Love is one of the most wonderful experiences we can have. Love is something that can change the way we feel and see the world, making us feel very happy and pleased.
However, love is not just a state, but something that has a physiological aspect. In a way, past thinkers who viewed love as an illness were not entirely wrong – love changes things in our body. So, what happens in our bodies when we fall in love?
Love is associated with a release of several neurochemicals – substances that affect the brain and the body.
Different chemicals are released at different times in the relationship. In a way, being in love engages the same mechanisms as being addicted to a drug.
Love releases oxytocin, the hormone associated with bonding and relationships.
Oxytocin can reduce feelings of anxiety and inhibition, making love-struck individuals feel more relaxed and more willing to take chances. When you are in a relationship with someone, you might feel this effect more strongly like love addiction.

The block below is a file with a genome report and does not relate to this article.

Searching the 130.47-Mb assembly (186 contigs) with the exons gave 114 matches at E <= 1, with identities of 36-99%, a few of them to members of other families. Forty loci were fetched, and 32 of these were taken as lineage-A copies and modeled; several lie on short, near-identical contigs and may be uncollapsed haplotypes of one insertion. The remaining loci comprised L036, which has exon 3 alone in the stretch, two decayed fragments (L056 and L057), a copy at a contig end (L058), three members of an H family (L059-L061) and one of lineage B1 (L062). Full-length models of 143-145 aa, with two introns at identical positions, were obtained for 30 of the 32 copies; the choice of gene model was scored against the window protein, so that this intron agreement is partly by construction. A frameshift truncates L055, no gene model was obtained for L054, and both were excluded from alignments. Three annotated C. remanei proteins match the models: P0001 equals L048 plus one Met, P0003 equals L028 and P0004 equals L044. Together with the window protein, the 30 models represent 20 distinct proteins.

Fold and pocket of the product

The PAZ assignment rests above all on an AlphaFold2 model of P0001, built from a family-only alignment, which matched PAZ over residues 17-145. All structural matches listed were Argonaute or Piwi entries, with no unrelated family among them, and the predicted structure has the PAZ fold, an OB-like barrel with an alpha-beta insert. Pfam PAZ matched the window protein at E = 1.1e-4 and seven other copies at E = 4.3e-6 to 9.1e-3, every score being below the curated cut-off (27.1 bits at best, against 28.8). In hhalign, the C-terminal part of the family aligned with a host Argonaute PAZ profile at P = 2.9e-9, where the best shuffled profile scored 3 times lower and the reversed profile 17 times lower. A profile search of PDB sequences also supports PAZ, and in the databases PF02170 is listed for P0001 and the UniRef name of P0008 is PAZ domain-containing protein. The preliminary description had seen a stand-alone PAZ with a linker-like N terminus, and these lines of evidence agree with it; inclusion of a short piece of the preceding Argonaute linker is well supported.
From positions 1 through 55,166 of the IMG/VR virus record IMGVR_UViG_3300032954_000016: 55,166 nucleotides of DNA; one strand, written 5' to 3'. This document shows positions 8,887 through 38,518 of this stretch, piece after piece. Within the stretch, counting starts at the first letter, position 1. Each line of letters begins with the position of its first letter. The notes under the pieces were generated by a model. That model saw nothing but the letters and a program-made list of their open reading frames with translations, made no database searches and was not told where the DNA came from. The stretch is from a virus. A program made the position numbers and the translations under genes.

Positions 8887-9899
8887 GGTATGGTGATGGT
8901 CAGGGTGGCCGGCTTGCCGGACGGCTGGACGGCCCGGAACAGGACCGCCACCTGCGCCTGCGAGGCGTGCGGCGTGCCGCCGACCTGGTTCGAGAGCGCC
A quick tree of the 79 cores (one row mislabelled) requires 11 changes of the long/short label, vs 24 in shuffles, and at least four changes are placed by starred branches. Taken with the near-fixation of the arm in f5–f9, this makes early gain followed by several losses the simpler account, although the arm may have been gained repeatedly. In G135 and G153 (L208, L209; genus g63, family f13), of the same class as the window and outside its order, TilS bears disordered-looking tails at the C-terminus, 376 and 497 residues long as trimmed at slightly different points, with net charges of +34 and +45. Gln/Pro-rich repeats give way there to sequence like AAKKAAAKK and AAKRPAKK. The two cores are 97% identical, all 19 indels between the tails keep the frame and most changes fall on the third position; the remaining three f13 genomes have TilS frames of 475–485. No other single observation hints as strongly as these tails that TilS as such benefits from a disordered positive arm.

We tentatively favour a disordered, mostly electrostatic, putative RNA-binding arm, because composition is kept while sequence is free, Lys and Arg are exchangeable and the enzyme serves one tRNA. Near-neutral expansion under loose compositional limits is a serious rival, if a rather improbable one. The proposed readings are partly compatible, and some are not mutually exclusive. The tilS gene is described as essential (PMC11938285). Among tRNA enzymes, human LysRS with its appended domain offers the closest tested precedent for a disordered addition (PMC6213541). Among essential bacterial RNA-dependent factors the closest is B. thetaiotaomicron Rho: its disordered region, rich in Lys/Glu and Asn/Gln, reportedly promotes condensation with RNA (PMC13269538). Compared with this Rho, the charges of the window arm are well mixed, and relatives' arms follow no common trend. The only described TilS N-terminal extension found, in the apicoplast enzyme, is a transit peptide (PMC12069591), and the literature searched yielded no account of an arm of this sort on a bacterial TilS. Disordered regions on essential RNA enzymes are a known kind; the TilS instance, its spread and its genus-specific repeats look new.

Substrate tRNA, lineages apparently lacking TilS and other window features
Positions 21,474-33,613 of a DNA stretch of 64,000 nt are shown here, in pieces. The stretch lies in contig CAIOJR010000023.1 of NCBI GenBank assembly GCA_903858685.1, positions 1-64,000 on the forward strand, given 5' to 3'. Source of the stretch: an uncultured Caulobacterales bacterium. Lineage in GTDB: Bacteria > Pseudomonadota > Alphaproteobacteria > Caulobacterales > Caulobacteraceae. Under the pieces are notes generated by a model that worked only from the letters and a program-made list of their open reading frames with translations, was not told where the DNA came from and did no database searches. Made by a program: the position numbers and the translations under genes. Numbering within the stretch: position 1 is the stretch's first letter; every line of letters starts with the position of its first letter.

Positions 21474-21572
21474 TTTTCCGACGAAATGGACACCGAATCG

Love can make us more anxious too, especially before a date or a big event, early in the relationship.
Your heart rate will rise, you will feel your palms sweat, and butterflies flutter in your stomach. This is associated with a release of chemicals called adrenaline and norepinephirne that pump you up before a meaningful situation, before a challenge.
In addition to this, you might experience uneasiness or loss of appetite when seeing someone new due to cortisol – the stress hormone. It can make people feel stressed and worried at first.
The first stages of a relationship are associated with dopamine – the reward chemical. We feel rewarded and even euphoric by being with the person we are in love with. This stage is more associated with crushes or romantic, “puppy” love.
It is also the stage where we might see the person through rose-tinted glasses. However, as we settle into a relationship, oxytocin takes central stage.
While this means that the relationship might lose some of that early euphoria, it becomes more stable and full of a more mature, tender sense of love.
Oxytocin is associated with other long-term bonds, like family relations and friendships, as well as romantic relationships. Oxytocin has been called the love hormone.
References : http://neuro.hms.harvard.edu/